I cannot utter the word bruschetta [pronounced bru-sket-ta] without reminiscing about the sights, sounds, and smells of our favorite little neighborhood in Rome, Trastevere. With its narrow cobbled streets and local large families dining in alleyways, Trastevere made me feel like a real Italian. [Note: I claim to be 100% Italian but, truthfully, I’m a 50% Italian mutt. Don’t tell my husband.]
We stayed in Trastevere for several nights before our wedding in Pienza and purposefully went to the same restaurant several nights in a row just to eat their delicious bruschetta, listen to the local accordion player, and drink their house red wine which, magically, didn’t leave us with any signs of a hangover (I am such a lightweight and get them after just one or two drinks). We’d leave hours later grinning ear-to-ear, arm in arm, walking down past the fountain square promising each other we’d HAVE to go back again.
Although I am always trying to improve the flavor in my bruschetta (and it never turns out the same way twice) this is my version of what I tasted in Italy. I’m sure theirs will always be better, because in my opinion, things in Italy are always better. And I’m pretty sure they don’t use Wegman’s brand generic olive oil. (Sshhh The Snob Gods will have me hanged for such a crime.)
Speaking of things always being better in Italy – here is proof. Their policemen are calm, cool, and stylish with uniforms designed by Armani. Seriously, Armani. Can you blame me for wanting to be Italian? I didn’t research it but if you told me American police uniforms were designed by Sears & Roebuck, I’d believe you.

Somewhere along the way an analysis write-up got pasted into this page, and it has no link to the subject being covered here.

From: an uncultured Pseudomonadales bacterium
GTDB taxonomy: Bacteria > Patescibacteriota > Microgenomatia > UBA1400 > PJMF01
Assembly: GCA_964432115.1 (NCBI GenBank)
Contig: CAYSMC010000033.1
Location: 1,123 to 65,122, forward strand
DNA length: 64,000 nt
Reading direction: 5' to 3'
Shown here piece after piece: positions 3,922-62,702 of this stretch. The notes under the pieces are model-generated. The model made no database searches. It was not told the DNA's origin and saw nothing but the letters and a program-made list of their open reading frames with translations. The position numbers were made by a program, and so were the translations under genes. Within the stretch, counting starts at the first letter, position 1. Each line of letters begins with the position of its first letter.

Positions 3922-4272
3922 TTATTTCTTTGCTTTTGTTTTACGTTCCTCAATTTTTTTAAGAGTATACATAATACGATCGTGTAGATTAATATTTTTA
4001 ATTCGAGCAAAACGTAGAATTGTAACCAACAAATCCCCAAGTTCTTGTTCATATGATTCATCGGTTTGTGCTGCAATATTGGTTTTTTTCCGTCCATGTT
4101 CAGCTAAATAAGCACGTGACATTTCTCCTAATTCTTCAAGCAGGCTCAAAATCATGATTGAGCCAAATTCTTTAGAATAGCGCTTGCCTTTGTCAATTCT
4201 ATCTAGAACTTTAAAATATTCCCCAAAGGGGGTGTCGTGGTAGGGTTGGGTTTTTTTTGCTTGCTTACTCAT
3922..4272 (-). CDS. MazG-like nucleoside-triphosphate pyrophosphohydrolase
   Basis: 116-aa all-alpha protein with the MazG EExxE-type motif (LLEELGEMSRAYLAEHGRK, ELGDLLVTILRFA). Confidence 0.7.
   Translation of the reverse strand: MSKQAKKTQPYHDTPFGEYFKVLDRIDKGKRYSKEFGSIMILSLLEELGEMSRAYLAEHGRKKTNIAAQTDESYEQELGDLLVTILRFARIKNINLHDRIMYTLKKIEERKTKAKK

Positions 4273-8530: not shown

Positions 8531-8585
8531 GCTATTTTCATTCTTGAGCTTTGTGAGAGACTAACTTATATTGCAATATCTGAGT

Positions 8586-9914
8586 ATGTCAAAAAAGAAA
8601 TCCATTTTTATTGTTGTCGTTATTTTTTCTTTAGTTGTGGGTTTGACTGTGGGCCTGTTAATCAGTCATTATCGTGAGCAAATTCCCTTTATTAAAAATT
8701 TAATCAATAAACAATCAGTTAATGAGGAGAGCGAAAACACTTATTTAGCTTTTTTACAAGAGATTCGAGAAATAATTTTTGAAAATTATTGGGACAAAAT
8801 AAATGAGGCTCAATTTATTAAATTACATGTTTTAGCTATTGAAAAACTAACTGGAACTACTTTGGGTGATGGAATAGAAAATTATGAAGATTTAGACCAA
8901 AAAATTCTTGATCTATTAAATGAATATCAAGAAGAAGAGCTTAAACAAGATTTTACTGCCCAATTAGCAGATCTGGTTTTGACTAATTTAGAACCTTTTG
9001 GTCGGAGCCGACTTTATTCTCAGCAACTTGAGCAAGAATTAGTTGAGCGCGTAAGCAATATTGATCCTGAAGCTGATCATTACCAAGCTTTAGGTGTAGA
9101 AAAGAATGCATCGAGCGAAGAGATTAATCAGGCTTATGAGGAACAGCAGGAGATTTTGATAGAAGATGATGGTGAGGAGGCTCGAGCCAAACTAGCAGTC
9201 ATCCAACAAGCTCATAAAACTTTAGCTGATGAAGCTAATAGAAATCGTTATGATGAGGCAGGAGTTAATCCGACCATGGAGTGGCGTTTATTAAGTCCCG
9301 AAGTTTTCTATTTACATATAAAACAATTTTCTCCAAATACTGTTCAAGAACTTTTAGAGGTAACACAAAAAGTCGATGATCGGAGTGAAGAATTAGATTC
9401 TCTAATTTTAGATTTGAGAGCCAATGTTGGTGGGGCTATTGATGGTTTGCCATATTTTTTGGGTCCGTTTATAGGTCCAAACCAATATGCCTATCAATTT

Here they are standing outside the Colosseum to make sure it stayed closed to tourists so some Big Whig could visit. They were so relaxed and so … Italian. Bulletproof vests on with their sleeves rolled up. In the land of policemen, it doesn’t get much cooler than this.Print
- 8 Roma (plum) tomatoes, diced – although regular tomatoes will work fine
- 3–4 cloves garlic minced
- 1/8 cup extra virgin olive oil
- 1 teaspoon salt
- 30 turns fresh ground pepper or to taste
- ½ cup (packed) chopped basil
- 1 French baguette or similar
- Combine tomatoes, garlic, olive oil, salt, pepper, and basil in small bowl. Stir gently to make sure all the flavors are blended. Cover and refrigerate for several hours or overnight.
- When bruschetta mixture has marinated long enough, preheat oven on broiler setting. Cut French baguette on the diagonal in 3/4 inch slices. Lay bread in single layer on sheet pan and broil on top rack for approximately 1-3 minutes until golden brown. Watch your bread carefully so it doesn’t burn!
- Let bread cool and top with spoonfuls of bruschetta mixture. If your bruschetta is really juicy try letting it sit and soak on the bread for a few minutes before eating. It tastes even better!
More great recipes at www.thekitchensnob.com